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Day 1 crew: Michael, Ralf, Chengran
Day 2 crew: Ralf, Lisa, Chengran
Day 3 crew: Ralf, Slobodan, Lisa
(All pictures courtesy of Michael Kretschmer)
PlasmaLab: Third Parabolic Flight Campaign|
For the third time PlasmaLab - the next-generation MPE experiment
with complex plasmas in microgravity - was elected to take part in a
parabolic flight campaign of the German Aerospace Center
(DLR) in Bordeaux, France.
Eight MPE staff members were there to mount and test the hardware in the
aircraft and perform experiments in flight.
Lead by Dr. Christina Knapek this time the test program included the newly
developed Zyflex and Dodecahedron plasma chambers (see pictures
below), and also the new 4-channel high-frequency generators. The Zyflex
chamber is a plasma chamber with cylindrical and flexible
geometry. The Dodecahedron is a nearly spherical plasma chamber with 12
electrodes made out of glass to create a spherical and isotropical plasma.
Both chambers are to study complex plasmas in microgravity in an expanded
The PlasmaLab project is to continue the successful series of complex plasma
laboratories of the MPE onboard the International Space Station ISS (PKE-Nefedov
(2001-2005), PK-3 Plus (2006-2013), PK-4 (launch in 2014)).
It is supported by DLR.
Zyflex (left) and Dodecahedron (right) plasma chambers.
EMC Tests at SGS, Munich
PK-4 EAA (Detail)
(Pictures courtesy of MK)
PK-4: EMC tests passed!|
MPE's PK-4 experiment has taken another milestone on its
way to the ISS. Before launch the European Space Agency (ESA) requests
the proof that the device does not interfere with other devices (experiments
or safety-related components) onboard the Space Station through
electro-magnetic radiation, nor gets disturbed by the radiation of
devices around. This is called EMC: Electro-magnetic compatibility.
This test was done with the 'engineering model' (the precursor of the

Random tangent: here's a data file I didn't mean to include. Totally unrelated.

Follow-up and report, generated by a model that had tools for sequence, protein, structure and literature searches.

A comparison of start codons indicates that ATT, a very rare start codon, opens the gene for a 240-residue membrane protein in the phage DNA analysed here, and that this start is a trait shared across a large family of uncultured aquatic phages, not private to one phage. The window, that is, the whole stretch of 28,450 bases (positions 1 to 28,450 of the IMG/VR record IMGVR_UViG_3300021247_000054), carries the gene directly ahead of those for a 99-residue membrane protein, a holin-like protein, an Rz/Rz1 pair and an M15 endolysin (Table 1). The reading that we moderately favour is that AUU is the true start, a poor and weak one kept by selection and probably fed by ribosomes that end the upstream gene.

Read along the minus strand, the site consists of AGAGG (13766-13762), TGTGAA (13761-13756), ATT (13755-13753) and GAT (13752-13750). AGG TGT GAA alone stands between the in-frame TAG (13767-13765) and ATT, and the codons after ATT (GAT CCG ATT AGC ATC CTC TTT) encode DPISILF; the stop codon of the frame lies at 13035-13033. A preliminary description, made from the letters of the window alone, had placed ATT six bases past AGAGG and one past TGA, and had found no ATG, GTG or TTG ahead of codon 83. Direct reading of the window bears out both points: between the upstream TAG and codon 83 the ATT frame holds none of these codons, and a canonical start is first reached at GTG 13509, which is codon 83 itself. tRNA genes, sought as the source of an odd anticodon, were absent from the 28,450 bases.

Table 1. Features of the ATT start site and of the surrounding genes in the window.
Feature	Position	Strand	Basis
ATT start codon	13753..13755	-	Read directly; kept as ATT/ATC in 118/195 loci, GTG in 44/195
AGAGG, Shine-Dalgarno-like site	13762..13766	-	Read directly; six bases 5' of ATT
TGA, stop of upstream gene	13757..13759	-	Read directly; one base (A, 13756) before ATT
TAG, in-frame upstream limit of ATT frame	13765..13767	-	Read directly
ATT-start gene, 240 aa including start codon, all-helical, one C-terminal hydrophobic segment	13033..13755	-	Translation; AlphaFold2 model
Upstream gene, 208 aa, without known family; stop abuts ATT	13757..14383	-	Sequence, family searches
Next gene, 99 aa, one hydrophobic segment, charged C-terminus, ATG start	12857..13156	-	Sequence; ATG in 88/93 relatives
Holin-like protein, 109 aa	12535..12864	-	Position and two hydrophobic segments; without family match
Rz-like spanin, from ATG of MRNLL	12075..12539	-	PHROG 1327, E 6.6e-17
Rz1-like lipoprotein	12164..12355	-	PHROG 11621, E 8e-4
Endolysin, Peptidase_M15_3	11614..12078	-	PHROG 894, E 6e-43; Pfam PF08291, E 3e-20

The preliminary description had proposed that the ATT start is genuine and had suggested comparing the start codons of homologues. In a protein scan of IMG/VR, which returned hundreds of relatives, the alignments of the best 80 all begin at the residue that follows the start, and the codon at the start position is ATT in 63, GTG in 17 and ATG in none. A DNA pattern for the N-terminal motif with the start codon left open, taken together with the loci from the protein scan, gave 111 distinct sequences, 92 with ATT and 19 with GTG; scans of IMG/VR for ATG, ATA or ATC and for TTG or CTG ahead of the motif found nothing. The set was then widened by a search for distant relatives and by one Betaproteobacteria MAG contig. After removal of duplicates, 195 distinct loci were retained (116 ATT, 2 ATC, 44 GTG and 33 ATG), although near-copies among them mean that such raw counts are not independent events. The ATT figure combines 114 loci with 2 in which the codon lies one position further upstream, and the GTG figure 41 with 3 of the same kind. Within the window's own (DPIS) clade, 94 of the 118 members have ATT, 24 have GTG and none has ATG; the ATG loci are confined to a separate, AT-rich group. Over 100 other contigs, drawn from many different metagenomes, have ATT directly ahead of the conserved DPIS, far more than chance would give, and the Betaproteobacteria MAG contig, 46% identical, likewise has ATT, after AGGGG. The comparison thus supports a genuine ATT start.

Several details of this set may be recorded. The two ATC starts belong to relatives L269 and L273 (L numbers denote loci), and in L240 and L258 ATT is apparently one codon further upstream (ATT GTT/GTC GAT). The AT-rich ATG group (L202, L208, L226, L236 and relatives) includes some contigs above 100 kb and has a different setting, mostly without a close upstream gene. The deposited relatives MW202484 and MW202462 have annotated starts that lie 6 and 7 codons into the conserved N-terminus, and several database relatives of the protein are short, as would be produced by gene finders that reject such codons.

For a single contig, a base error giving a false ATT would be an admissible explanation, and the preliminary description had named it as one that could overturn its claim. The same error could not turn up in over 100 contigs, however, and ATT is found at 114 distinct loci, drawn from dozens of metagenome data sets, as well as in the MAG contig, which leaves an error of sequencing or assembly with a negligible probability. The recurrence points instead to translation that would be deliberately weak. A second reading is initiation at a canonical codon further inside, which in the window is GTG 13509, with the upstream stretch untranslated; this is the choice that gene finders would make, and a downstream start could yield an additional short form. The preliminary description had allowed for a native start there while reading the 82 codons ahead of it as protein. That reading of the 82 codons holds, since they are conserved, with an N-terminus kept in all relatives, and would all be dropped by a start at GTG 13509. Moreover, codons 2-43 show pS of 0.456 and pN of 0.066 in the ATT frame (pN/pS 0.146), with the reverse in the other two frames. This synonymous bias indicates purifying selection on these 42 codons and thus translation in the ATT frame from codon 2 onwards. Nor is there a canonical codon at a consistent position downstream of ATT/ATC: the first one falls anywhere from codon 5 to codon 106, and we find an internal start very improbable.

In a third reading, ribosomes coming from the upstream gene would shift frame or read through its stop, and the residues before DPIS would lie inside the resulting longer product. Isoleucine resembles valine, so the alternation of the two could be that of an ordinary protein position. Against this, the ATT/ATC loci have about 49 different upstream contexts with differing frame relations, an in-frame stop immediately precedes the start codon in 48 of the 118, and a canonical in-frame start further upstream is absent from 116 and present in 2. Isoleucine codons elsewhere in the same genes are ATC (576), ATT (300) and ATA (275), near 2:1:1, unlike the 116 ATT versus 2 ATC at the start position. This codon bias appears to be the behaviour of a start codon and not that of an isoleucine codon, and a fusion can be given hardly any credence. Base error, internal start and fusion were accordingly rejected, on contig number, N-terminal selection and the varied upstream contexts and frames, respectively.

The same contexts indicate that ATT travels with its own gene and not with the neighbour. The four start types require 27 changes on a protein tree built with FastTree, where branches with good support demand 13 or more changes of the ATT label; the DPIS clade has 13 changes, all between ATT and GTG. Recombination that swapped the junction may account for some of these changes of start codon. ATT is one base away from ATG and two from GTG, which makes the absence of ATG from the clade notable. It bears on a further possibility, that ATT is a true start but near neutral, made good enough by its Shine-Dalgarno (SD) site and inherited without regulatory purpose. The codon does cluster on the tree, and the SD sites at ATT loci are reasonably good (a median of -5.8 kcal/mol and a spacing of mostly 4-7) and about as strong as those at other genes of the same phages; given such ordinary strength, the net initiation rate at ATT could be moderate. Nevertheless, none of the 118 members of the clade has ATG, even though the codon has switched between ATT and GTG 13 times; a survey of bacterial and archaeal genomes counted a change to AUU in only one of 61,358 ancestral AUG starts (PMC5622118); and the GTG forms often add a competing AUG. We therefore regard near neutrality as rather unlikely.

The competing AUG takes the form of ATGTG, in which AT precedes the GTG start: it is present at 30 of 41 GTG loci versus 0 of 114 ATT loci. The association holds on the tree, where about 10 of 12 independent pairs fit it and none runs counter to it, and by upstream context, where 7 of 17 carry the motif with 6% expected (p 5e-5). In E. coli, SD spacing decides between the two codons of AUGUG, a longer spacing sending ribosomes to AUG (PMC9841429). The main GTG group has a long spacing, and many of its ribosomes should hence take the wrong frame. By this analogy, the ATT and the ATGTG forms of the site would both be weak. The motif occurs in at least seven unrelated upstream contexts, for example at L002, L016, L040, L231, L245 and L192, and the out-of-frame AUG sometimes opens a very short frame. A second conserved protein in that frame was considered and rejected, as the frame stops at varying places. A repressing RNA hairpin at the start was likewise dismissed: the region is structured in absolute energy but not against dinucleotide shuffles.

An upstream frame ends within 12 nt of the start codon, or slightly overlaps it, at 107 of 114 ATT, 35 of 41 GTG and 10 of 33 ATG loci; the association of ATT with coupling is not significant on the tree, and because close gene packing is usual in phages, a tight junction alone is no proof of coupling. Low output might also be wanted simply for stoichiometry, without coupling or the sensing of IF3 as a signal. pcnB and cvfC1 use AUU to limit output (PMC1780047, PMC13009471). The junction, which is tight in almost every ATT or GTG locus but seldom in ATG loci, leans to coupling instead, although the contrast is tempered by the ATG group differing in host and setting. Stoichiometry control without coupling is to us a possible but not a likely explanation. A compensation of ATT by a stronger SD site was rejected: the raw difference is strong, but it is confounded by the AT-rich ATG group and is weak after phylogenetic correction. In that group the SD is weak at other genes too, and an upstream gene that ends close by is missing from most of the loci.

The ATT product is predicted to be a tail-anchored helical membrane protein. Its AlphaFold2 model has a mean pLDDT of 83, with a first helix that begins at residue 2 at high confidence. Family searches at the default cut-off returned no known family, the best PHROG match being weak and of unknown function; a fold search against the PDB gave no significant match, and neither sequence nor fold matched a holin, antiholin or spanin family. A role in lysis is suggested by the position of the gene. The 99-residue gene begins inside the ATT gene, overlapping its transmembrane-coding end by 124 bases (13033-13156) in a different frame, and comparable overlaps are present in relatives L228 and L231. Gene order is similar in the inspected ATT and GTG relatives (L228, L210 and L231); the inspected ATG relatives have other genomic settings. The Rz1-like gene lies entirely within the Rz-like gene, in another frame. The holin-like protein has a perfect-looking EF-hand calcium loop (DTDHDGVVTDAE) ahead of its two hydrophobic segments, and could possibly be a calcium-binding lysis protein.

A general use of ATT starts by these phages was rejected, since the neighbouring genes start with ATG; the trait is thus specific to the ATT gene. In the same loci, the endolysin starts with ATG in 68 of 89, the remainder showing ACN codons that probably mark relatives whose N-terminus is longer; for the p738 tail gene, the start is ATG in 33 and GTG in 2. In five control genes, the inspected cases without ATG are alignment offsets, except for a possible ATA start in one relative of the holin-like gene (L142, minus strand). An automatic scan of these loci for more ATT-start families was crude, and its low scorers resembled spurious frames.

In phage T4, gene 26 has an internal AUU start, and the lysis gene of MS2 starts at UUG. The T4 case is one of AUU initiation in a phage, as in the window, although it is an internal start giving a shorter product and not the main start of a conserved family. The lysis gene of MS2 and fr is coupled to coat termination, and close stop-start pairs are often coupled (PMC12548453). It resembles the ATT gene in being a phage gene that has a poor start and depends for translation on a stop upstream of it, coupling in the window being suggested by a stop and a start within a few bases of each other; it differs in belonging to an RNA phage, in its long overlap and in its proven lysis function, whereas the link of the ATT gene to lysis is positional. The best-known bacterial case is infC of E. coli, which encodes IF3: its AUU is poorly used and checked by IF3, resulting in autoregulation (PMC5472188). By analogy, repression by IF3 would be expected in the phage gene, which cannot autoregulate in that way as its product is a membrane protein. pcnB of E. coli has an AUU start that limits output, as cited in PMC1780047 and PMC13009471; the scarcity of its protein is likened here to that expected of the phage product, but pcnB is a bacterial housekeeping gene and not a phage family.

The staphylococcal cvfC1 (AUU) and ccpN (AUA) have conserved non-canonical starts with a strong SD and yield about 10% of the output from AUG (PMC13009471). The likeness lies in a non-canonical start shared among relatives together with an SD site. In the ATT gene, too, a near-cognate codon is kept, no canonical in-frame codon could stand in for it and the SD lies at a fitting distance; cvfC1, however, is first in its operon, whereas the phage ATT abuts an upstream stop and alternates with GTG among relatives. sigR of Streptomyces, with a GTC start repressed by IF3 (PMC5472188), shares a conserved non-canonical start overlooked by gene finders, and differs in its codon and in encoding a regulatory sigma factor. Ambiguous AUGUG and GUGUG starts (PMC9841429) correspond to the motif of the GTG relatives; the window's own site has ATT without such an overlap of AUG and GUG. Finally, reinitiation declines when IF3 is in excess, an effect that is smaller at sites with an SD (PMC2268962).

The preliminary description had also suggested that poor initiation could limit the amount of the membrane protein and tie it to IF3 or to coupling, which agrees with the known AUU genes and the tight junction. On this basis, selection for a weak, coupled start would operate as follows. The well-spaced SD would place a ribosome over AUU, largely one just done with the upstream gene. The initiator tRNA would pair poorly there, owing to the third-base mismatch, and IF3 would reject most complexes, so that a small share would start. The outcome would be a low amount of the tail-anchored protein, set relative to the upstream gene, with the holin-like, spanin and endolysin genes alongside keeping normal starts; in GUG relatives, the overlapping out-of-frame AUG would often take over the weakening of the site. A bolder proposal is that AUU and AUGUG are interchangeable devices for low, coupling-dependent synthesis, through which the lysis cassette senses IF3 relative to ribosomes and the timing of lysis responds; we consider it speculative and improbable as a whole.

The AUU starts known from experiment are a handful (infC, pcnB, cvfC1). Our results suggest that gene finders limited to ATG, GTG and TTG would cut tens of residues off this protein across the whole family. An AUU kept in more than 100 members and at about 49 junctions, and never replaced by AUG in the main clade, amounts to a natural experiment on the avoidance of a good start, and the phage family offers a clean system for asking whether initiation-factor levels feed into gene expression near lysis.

final 'flight model') of PK-4 at
SGS in Munich.
(See picture on the left: PK-4 integrated into an ISS-like rack structure
inside a shielded testing room at SGS.)
At this test the radio frequencies that are emitted by the device in
operation are measured. This allows the conclusion whether surrounding
devices may be effected or not. At the next test some powerful radio waves
are 'shot' with antennas at the apparatus and the reactions are observed.
Since PK-4 records videos of micro-particles inside a plasma the video
images are inspected carefully as an indication of inference.
The first test did not show up any significant emissions from PK-4 in
the range between several Kilohertz and a few Gigahertz. This was
expected because the experiment setup is enclosed inside a hermetically
sealed metal container where no electro-magnetic radiation is supposed
to come out. And for the opposite direction it is the same. Despite of
radiating powerful radio waves onto PK-4 with frequencies up to 4 GHz
during operation no interference could be observed. Because it would
be most obvious in the video recordings the images (see below) were
analyzed but no changes have been found. This allows us to say: Test
After passing the vibration test in December, the thermal test in January,
and the EMC test now the next step will be the integration test. This
will be done at the ground model of the EPM rack at
CADMOS in Toulouse,
France, where everything has to 'fit'. The future flight model of PK-4
is planned to be integrated into the EPM rack inside the European Columbus
on the space station. If all these tests are passed successfully this
will open the way to a launch to the ISS in 2013-14.
No interference: The PK-4 plasma tube seen clearly through three
different filters during the EMC test.
Contact: Michael Kretschmer